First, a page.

Frequently Asked Questions

Recreation is fundamental to American culture. It connects people with nature and history, builds healthier minds and bodies, enhances bonds between family and friends, contributes to the quality of life and resiliency of local communities, and inspires and rejuvenates our spirits. Additionally, recreating helps visitors develop an understanding and sense of belonging to a place and, thus, to act as citizen stewards of our collective natural and cultural heritage. Recreation and tourism also contribute greatly to local, regional, and national economies.

If Recreation is Valuable, Why Manage It?

Every year, people seek out public lands and waters to pursue a growing variety of recreational experiences. To ensure that everyone can enjoy the benefits of recreation, managers need effective ways to manage use so these special places, and the benefits they provide, persist for current and future generations. Visitor use management meets this pressing need by offering a flexible set of tools and strategies that support appropriate public access to these valued places, while ensuring long-term viability of ecological and cultural conditions that make quality visitor experiences possible.

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How Does the Interagency Visitor Use Management Council Help?

The Interagency Visitor Use Management Council (the council) is a collaborative forum for federal member land and water agencies created to share and leverage practical, science-based tools for managing recreation on America’s most iconic and valued public lands and waters. The council is designed to build a common language and institutional knowledge of management techniques, while efficiently sharing tools, training, technical assistance, and best practices.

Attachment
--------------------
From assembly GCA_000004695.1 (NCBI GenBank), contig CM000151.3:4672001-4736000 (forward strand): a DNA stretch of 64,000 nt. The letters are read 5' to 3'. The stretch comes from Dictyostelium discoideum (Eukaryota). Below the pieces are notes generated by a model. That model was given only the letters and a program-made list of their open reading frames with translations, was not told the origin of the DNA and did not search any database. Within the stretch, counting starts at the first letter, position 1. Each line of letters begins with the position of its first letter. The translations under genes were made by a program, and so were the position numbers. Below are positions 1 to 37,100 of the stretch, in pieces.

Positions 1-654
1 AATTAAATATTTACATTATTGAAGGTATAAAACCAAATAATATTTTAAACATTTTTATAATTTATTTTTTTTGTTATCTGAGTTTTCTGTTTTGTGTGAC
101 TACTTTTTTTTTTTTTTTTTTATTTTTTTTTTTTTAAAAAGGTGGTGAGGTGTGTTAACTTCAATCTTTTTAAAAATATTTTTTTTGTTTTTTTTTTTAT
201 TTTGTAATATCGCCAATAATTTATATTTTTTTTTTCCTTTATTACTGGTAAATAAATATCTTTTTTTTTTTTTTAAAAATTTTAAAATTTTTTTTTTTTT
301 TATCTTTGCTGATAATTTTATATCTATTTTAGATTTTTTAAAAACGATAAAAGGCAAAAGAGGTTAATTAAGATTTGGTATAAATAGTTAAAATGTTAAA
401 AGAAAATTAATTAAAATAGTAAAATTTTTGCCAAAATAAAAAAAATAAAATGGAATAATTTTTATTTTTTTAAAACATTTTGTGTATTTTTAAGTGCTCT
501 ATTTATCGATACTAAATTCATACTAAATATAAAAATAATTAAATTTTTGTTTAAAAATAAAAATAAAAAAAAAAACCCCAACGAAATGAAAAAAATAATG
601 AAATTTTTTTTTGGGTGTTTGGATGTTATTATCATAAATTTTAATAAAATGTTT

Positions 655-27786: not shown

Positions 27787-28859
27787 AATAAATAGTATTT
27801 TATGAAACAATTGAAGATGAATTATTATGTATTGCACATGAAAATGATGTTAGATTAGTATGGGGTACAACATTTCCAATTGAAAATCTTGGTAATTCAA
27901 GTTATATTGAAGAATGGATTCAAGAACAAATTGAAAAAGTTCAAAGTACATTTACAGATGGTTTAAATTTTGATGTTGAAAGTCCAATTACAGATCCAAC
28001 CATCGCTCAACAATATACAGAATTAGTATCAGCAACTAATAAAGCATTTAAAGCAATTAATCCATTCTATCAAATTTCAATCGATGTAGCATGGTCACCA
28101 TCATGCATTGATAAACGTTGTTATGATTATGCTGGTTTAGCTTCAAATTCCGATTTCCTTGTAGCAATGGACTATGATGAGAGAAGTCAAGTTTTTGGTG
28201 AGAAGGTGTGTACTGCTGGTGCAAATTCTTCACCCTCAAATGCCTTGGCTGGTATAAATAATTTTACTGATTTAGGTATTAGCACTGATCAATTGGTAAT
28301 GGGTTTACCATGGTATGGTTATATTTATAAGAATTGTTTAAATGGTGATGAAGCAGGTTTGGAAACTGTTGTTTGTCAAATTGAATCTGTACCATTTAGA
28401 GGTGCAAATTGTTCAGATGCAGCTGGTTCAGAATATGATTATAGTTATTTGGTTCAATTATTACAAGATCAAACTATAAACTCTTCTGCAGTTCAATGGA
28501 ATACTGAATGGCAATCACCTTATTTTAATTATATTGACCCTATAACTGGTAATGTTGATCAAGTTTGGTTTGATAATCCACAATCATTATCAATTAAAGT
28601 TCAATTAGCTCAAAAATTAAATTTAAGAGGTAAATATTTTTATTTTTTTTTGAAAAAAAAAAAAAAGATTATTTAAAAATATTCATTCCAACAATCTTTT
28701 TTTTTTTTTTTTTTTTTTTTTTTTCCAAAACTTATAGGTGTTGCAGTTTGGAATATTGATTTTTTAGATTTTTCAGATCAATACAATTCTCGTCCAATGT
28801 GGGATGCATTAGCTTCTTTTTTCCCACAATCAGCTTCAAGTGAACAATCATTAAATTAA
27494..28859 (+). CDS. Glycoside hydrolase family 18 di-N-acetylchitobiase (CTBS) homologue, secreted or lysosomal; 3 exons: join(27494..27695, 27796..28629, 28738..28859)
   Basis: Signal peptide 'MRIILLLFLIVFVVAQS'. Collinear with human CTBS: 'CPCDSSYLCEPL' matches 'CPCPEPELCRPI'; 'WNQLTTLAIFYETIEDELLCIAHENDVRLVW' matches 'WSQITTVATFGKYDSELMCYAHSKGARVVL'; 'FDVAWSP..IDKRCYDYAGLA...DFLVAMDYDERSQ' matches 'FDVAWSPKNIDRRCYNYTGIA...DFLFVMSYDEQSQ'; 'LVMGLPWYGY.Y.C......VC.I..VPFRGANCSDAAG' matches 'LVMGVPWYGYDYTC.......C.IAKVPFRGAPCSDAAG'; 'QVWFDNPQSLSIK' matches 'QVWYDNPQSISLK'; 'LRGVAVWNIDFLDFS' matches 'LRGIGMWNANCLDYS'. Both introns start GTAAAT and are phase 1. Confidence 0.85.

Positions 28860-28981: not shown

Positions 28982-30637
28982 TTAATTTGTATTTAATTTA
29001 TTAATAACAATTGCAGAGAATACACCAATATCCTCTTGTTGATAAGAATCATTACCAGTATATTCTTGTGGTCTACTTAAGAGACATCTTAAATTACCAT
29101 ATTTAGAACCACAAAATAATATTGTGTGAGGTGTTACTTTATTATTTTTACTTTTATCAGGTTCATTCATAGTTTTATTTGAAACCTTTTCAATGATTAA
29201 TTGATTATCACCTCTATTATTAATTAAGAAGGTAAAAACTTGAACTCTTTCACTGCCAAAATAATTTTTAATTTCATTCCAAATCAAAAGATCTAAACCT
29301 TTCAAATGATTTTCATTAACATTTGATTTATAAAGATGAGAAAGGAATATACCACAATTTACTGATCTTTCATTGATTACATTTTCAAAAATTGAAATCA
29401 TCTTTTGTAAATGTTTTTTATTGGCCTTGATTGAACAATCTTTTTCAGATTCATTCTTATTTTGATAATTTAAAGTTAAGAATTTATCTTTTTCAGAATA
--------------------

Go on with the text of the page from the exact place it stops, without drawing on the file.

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What is the Council’s Visitor Use Management Framework?

The Visitor Use Management Framework and associated guidebooks provide a broadly applicable tool kit that agencies can apply to make visitor use management decisions at a variety of scales, ranging from changes in day-to-day operations in a section of a park, to the long-term planning of a regional network of land, aquatic, and marine protected areas. The council’s framework also provides a common language to enable recreation and resource management specialists across all agencies to communicate with one another and the public regarding visitor use management.

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How does the Council’s Work Benefit Resource Managers and Recreational Visitors?

The council benefits both managers and visitors of the nation’s public lands and waters by providing a collaborative forum and tools for federal agencies to tackle common challenges of sustainable recreation. The council’s products, trainings, and outreach make it possible for agencies to facilitate and sustain public access and use of valued, and often vulnerable, land and water resources.

The council’s efforts also directly benefit recreational users and other stakeholders by providing an objective, science-based, consistent, and transparent process for their engagement with agency decisions that affect how, where, and at what intensities we all access and enjoy the natural and cultural treasures of our nation’s lands and waters.

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Information last updated
3/5/2018 2:45 pm